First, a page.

May 11, 2005
When I wrote last week’s column to make publication for the early weekend editions, President Bush had not yet made his Saturday radio address. In that address, Bush outlined a program that would substantially reduce the imbalance between promises and funding in the social security system.
That program, which reduces about 70 percent of the funding imbalance in the next 75 years, is called “progressive indexation.”
Today, the benefits a new retiree can receive are adjusted upward each year by the growth of wages (at least until the wage earnings cap is reached). After one retires, the benefits are adjusted each year for the prevailing rate of inflation.
Normally, wages grow faster than inflation (last year was an exception caused by surging oil prices). Thus, those initial benefits grow much faster than the annual inflation adjustment for retirees.
President Bush proposed that those with low qualifying wages will continue to have their initial benefits grow by the growth in wages. Thus, almost 50 percent of wages earned while working will be paid to the low wage recipient in retirement.
However, as wages rise, a blended index of only partially accounting for wage growth and partially dealing with inflation could be used to determine those initial benefits. Before the wage cap is reached, only inflation would determine the growth in initial benefits.
As a result of this change, those wage recipients who earn at least the wage cap would only receive about 18 percent of their wages in social security benefits. (Those high wage earners already receive less in retirement than the low wage recipient in comparison to their contributions. However, this change would dramatically lower the value of social security to the higher wage earners).
Democrats already have criticized this plan for taking away promised benefits from the middle class. They maintain that social security was not intended as only a program to keep retirees out of poverty.
But whatever social security was intended to achieve cannot be accomplished with the current funding. If the middle class must have their government promised benefits preserved, then new funding must be found.
Criticizing the administration proposals without providing any of their own ideas merely shoves the leadership issue from President Bush to the Democrats. Certainly, supporting a program that prevents workers from falling into poverty after retirement has social merit. Arguing about preserving benefits for the middle class is more difficult to defend, especially when current funding simply cannot preserve those benefits over time.
I should point out that 50 percent of wages as benefits is not sufficient to maintain a lifestyle in retirement. Most financial planners would argue for something closer to 85 percent to accomplish that. Thus, social security never should have been considered as the only retirement source, even for the low wage recipient. That is why tax deferred plans, such as individual retirement accounts, 401Ks, and other programs have been expanded in recent years.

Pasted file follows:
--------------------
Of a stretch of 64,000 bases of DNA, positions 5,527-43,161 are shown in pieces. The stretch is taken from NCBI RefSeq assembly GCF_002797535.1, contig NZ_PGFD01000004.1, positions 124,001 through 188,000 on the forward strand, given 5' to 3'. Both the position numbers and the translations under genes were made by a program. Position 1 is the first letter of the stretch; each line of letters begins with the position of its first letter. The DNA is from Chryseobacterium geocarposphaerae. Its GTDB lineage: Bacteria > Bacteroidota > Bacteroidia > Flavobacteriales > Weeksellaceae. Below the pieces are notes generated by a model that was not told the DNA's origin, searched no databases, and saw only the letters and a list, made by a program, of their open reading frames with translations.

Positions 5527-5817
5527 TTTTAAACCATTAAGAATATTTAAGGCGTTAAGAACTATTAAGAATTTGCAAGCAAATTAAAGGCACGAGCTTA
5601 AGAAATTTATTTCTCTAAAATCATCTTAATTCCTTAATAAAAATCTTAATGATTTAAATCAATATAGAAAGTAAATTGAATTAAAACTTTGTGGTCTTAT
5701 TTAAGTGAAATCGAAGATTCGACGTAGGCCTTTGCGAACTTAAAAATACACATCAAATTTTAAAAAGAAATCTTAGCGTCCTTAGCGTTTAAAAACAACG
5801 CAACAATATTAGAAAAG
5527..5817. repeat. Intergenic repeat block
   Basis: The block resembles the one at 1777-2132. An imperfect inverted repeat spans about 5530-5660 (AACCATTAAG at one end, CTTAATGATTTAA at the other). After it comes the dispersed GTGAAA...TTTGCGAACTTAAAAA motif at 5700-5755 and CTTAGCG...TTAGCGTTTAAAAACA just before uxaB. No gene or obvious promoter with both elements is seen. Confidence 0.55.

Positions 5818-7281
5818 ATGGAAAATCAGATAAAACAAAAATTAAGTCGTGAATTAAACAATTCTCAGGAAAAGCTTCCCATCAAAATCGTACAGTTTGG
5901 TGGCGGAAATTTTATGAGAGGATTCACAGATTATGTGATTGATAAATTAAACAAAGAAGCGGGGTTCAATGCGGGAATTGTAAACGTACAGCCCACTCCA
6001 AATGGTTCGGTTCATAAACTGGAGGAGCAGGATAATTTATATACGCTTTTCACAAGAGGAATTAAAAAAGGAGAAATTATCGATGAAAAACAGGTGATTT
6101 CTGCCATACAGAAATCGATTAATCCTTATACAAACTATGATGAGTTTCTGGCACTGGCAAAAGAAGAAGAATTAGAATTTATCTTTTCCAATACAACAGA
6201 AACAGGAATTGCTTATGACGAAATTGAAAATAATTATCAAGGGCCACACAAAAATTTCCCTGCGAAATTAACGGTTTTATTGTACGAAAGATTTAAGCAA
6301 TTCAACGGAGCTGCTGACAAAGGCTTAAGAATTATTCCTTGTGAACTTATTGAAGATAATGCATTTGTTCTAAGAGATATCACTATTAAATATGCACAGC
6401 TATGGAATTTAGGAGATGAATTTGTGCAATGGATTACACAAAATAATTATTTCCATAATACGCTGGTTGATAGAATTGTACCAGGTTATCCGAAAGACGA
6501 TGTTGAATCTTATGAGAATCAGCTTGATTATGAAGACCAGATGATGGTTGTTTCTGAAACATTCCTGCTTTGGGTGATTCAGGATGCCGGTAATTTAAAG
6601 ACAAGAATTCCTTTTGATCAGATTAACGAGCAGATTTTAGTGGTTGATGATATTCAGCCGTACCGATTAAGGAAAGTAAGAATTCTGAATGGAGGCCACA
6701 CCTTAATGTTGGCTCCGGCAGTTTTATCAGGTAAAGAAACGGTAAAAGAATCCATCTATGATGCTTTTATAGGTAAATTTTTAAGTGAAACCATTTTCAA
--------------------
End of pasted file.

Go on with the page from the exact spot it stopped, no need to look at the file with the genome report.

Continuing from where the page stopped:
Also, I did write a column that outlined a proposal that would eliminate virtually the entire gap between promises and funding without raising the 6.2 percent tax rate paid by employer and employee. Remove the wage cap (but still have a benefits cap that would grow with wages). Then allow individuals to create individual retirement accounts that can be inherited with their 6.2 percent contribution if they so desired.
The employer still would pay its portion even if the individual left the system. The additional employer payments on high wage recipients and the reduced benefit burdens as those with alternatives opt out of the government program would remove the funding discrepancy.
Of course there would be economic consequences from increasing the tax liability of employers with high wage recipients. This would add to the competitive burdens that American companies face against international competition.
We could solve that burden and a great deal of capital distortion by eliminating the corporate income tax. Yes, this would shift the unfunded problem from future retirees to current tax payers. But some of that would be ameliorated by greater economic growth.
Anyway, no one cheered my proposals. But at least I had some. And now the President does too. If the Democrats don’t like these, they need to come up with some of their own. If the problem is small, as some Democrats claim, then the pain of plugging the holes should not be large. Plug away or get out of the debate.